We all had a lot of adjusting to do. Some of it was easy. The Veterinarian covered fixing breakfast for her every morning at the ungodly hour of 6 am, an hour when I’m not sure who I am, much less where the kitchen is located. Our long-awaited princess would wake up to his special omelets or French toast or garnished oatmeal. None of that oatmeal out of an envelope. This stuff was cooked and sweetened and spiced and bathed in warm milk. I don’t think he ever prepared himself for one of our “date nights” as well as he prepared breakfast for her. My responsibilities included lunch, dinner, laundry, and chauffeur, the same things I’d been doing for him for 27 years.
In the beginning, the kid never grumbled about the food she was served, once we weaned her from chicken nuggets, which we did immediately. She loved to try new foods. A week after her arrival, we traveled with her to New Orleans on a business trip, where she told the waiter at Commander’s Palace that the Parmesan cheese being grated, tableside, onto her salad smelled like “throw up.” Being N’Awlins, the waiter laughed and said, “It sure does, honey.” She scarfed it down. A month later, we knew we were in BIG trouble when we took her to the Cheesecake Factory, and she told the waiter, “I’ll have the grilled chicken Caesar with freshly grated Parmesan, please.”
We persevered in introducing her to new foods.
“Do you eat fish?”
“Uh-huh,” she shook her blond head up and down, blue eyes peering out of her little wire-rimmed glasses. She bore an uncanny resemblance to Felicity, the American Girl doll, with her dimpled arms and cheeks.
“Do you like fresh salmon? It’s not like that stuff in a can. I’m going to coat it with sugar and sauté it in a hot skillet. You’ll like it.”
Her head bobbed.
She was more than willing to eat caramelized salmon, asparagus in nutmeg butter, and herbed rice with toasted pine nuts. I thought I was a genius. Surely, there were few households with an 8-year old eating gourmet cuisine.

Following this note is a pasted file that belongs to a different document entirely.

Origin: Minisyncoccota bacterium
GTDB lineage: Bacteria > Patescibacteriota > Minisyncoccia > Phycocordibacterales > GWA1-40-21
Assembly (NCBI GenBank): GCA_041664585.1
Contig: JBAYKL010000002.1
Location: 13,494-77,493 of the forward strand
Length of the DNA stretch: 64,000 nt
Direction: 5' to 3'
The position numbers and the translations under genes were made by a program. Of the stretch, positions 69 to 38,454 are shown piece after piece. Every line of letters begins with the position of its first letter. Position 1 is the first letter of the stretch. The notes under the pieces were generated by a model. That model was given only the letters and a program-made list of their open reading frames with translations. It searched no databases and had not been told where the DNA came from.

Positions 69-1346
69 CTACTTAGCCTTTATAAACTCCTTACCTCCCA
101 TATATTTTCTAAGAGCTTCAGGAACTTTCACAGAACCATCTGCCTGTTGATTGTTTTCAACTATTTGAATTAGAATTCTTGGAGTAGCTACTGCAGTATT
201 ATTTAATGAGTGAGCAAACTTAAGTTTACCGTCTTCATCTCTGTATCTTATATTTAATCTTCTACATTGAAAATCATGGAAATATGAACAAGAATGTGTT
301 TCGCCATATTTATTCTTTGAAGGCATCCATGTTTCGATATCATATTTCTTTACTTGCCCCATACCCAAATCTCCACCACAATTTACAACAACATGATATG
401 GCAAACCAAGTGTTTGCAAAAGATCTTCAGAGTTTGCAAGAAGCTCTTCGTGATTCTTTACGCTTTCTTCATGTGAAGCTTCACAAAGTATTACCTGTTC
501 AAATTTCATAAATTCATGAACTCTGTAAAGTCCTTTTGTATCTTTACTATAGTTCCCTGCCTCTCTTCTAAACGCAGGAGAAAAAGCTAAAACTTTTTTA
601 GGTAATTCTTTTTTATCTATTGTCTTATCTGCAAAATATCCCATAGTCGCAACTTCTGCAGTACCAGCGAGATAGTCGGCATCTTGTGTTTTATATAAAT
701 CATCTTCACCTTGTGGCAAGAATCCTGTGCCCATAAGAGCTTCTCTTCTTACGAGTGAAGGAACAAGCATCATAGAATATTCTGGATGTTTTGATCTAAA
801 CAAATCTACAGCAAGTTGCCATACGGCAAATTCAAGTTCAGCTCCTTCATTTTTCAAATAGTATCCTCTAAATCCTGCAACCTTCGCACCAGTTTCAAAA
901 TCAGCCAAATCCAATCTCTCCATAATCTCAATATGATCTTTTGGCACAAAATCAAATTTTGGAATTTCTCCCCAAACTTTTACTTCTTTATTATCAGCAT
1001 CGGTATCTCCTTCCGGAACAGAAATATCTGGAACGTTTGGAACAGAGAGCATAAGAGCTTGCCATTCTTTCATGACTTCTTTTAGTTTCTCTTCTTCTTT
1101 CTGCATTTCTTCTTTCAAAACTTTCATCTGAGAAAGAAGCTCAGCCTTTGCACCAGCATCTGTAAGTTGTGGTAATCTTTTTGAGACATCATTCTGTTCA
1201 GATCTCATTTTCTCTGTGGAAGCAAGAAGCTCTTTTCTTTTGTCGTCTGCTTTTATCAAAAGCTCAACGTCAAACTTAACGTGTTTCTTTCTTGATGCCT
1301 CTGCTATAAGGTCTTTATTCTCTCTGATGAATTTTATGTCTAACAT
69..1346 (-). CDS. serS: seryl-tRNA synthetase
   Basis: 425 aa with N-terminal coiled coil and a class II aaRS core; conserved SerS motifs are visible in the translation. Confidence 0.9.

At Christmas that year, our family was invited to a “casual-chic” Christmas party at the swanky home of some benevolent friends. She was introduced to the host’s little nephew, and the two trotted off into the big house, while we headed to greet the roast pig that was lounging on the dining room table. About 20 minutes later, one of the guests came up to us.
“Are you with the little blond girl with the glasses?”
“Uh, yes,” The Veterinarian and I looked at each other in panic.
“I’ve never seen a child that young eat so many raw oysters. How’d you get her to eat them?”
“She’s eating raw oysters?”
“She and a little boy are on the deck slurping them down as fast as they’re shucked. It’s pretty funny, actually.”
We hurried outside to find her surrounded by a crowd of amused adults, poking at shellfish on a gas grill. In 20 minutes without us, our host had taught her to eat raw oysters and steam mussels on the grill.
“These are really good,” she giggled.
“How many have you eaten?” Pictures of partially digested shellfish reappearing on the backseat of our car swam before my eyes. She shrugged. “Ok, kiddo, let’s go have some potatoes or bread. How about some bread? Lots and lots of bread.”
As the months passed, she started to exhibit food preferences. Food she was willing to eat when she came to live with us was suddenly unacceptable. In the spring of her first year with us, her school’s PTA solicited favorite family recipes. Thinking I was the Best Mother Ever, I dutifully contributed our family’s favorite meal, caramelized salmon, asparagus with nutmeg butter, and herbed rice with toasted pine nuts.
“Ha! No pasta salad recipe from this family,” I smugly typed up my contributions. No boring cereal-based snack mix. No crescent roll-wrapped wienie chunks. No sirree. We might be older than any of the other parents, but with age comes knowledge and sophistication, the kind of sophistication that can be useful to a child. I’ll show you how to parent, you snarky people. You won’t make room for my kid in your scout troop? (“Your daughter should have started in first grade,” I was told, “because our troops don’t have any room for newcomers. Maybe you should start your own troop.”) Ha! We don’t need your stupid scouts and your stupid cookies and dorky crafts. Our kid plays the cello and eats fish that isn’t chopped up into “stix.”